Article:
• Find the root cause: Most people won’t default to angry right away, if you’re receiving an angry message it’s likely the issue has rolled on for a while. Getting to the bottom of the cause could go some way to figuring out a solution. At Buffer we turn to a simple but remarkably effective process for this: The 5 Whys.

How we respond at Buffer: These cases can be sensitive. As well as replying as soon as possible, it’s awesome to reply to every angry customer on social media.

7. Thanking someone who shares your content


In marketing, there are few better feelings than people sharing your content.

The emotions behind the conversation: Appreciative, thankful. ?

How to respond

  • Show gratitude: It feels amazing to have your content shared. I like to always show gratitude and say thanks within my reply.
  • Leave the conversations open: It can be great to leave conversations open in this situation. Try to invite a reply without demanding one, for example: “Thanks so much for sharing. Did you find these tips useful?”

How we respond at Buffer: It can be very  time consuming to respond to everyone who shares your content – especially if it’s highly shared. But showing a willingness to reply to a number of people who share goes a long way.

8. Welcoming someone who says “hi”

saying hi

On social media, sometimes people just like to say ‘hi’ and get a conversation started.

The emotion behind the conversation: Curious. ?

How to respond

  • How can we help?: As a community manager, I usually like to respond to these types of messages with a simple question: “How can we help?” This allows the conversation to evolve and can lead into a more rewarding exchange for both your business and the customer.

How we respond at Buffer: It really depends on volume with this one. If you’re getting a couple of messages per day, you could reply to every one. If you’re receiving hundreds or thousands, then it could be fine to reply to just a few.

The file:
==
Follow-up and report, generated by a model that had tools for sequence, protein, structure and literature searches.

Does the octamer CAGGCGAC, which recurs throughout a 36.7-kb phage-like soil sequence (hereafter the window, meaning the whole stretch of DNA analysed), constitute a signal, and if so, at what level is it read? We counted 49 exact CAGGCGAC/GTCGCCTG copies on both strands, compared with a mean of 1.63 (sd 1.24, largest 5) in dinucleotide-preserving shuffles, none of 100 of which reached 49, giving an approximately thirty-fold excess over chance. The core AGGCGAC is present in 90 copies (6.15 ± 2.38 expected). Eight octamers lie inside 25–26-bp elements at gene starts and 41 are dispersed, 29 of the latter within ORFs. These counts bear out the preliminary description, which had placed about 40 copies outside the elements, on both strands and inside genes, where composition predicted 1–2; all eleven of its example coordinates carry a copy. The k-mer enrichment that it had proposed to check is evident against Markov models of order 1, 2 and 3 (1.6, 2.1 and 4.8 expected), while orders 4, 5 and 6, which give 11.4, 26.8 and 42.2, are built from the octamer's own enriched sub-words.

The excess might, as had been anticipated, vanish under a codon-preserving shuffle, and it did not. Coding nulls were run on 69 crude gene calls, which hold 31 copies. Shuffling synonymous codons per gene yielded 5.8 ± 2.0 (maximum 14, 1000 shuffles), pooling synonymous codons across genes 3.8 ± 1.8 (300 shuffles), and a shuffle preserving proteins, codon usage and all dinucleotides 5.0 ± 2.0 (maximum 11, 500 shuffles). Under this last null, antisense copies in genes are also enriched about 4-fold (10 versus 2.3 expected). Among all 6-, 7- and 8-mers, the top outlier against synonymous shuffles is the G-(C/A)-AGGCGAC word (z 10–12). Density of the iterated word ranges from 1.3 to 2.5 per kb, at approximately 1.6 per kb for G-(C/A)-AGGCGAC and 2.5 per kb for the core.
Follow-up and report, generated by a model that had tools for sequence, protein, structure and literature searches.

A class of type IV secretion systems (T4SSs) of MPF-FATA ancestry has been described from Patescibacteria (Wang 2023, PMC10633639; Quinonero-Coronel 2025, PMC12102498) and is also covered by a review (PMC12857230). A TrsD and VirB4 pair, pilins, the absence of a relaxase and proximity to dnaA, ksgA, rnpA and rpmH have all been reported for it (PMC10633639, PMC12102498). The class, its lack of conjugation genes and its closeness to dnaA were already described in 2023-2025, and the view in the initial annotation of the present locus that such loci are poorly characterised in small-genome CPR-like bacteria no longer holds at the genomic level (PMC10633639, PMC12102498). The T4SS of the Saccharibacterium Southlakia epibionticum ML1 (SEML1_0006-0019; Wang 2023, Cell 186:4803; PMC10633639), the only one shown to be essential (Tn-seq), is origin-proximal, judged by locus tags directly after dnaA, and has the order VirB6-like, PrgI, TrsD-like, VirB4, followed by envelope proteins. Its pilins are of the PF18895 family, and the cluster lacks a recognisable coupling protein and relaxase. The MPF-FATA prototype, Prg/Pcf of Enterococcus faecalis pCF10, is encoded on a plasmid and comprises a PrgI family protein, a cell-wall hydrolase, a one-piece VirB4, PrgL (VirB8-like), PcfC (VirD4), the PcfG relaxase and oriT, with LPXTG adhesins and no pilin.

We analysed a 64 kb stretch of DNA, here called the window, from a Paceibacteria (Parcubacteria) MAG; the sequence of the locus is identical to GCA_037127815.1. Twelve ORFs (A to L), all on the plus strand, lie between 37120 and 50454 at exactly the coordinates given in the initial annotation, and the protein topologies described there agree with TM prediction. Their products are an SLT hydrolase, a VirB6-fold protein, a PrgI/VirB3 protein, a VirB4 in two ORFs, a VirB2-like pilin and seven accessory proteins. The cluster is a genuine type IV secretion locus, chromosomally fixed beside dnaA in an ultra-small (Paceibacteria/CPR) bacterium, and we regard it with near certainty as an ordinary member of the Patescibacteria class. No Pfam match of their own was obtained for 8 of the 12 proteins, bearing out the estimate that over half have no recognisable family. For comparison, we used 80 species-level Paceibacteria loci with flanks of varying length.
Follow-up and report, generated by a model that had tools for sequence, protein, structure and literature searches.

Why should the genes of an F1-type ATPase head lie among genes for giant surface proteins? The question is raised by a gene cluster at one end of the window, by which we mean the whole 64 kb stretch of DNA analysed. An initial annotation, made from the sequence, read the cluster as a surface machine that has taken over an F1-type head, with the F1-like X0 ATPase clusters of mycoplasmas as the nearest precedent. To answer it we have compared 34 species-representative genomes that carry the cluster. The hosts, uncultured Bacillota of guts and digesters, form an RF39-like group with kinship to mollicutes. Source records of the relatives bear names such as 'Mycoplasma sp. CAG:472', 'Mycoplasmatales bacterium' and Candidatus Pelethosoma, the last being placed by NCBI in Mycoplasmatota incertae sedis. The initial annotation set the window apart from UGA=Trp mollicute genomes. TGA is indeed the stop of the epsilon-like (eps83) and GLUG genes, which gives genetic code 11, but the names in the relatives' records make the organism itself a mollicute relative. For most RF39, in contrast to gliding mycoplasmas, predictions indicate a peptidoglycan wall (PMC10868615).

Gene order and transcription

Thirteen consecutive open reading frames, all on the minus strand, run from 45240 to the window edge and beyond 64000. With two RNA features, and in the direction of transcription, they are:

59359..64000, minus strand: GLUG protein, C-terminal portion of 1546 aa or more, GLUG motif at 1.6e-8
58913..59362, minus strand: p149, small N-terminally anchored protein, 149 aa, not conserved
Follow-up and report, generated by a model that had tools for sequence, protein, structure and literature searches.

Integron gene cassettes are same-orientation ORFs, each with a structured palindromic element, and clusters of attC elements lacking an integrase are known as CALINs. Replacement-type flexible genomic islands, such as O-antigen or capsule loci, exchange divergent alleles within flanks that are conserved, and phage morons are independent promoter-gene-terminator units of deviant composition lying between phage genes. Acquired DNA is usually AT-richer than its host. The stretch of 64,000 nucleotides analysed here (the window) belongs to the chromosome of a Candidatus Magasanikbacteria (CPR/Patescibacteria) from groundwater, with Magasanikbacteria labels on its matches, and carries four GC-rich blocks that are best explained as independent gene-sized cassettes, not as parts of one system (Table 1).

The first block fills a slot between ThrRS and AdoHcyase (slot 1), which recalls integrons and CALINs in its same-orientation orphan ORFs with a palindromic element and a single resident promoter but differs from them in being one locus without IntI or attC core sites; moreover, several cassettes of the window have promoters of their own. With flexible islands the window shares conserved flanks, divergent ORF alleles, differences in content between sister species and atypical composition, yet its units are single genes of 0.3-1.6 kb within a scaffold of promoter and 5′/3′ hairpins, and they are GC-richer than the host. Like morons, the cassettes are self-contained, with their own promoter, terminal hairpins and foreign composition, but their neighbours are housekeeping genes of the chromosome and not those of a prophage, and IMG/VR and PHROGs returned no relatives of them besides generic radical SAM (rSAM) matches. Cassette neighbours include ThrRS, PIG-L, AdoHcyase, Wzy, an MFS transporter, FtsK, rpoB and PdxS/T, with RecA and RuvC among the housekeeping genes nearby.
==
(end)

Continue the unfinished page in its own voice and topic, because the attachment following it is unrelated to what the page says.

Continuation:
9. Listening to a technical question


These ones can be a little tricky, especially if you’re a non-technical community manager. It’s important to have an escalation process in place for conversations like these, so that you know where you can go to get an answer.

The emotion behind the conversation: Curious, interested ?

How to respond

  • Let them know they’re heard: As with the angry customer, these questions can’t always be fully resolved in-the-moment. If you can’t answer right away, try to reply with a holding message to let them know you’re looking into it.
  • Pass on to a technical person: If you can’t answer this type of question yourself, it’s best to pass it onto a technical person who can help out. At Buffer, if a technical question pops up, we tend to share it with our engineers via email or Hipchat to figure out an answer.

How we respond at Buffer: Responding to every question here could be a great approach. It shows a willingness to go above and beyond for the customer and also provide an opportunity to show a human side (and that you’re not simply responding to everyone using canned responses).

10. Assisting a disappointed customer with a refund

Refund Tweet

No matter how great your product is, at some stage or another, you’ll have to deal with a return or refund over social media and it’s vital to get this right.

The emotion behind the conversation: Disappointment. ?

How to respond

  • Be polite and respectful: When someone asks for a refund, it’s an opportunity to provide them with a great experience and learn about your business. Listening to why someone is looking for a refund can give you amazingly useful insights into your product or service and your marketing. If you treat them with respect and talk politely, you could learn a ton that’ll help you keep more customers on-board in the future.
  • Avoid being defensive: When you pour your heart and soul into business, it can be hard not to take a refund request personally and reply defensively. A better option could be to embrace vulnerability and act without your heart on your sleeve – try to be thankful they kicked the tires a bit and understand that you’ll never please everyone.

How we respond at Buffer: In this situation it’s important to address every message. People who need refunds want to be heard and if they feel ignored it could lead to negative sentiment. Our best advice here: act fast and refund with a smile.

11. Speedily dealing with a product defect


As hard as we work to avoid defects and product re-calls, sometimes they’re inevitable.

The emotion behind the conversation: Disappointment, irritation ?

How to respond

  • Communicate clearly: Clarity is so important here. If someone is reporting a defect you should ensure the next steps are made extremely clear: Should they get a refund? Can they fix the defect?
  • Act speedily: If there’s a problem with your product, be as pro-active as possible. Let your customers know what the issue is and if someone reports it before you notice it, express your gratitude for their help.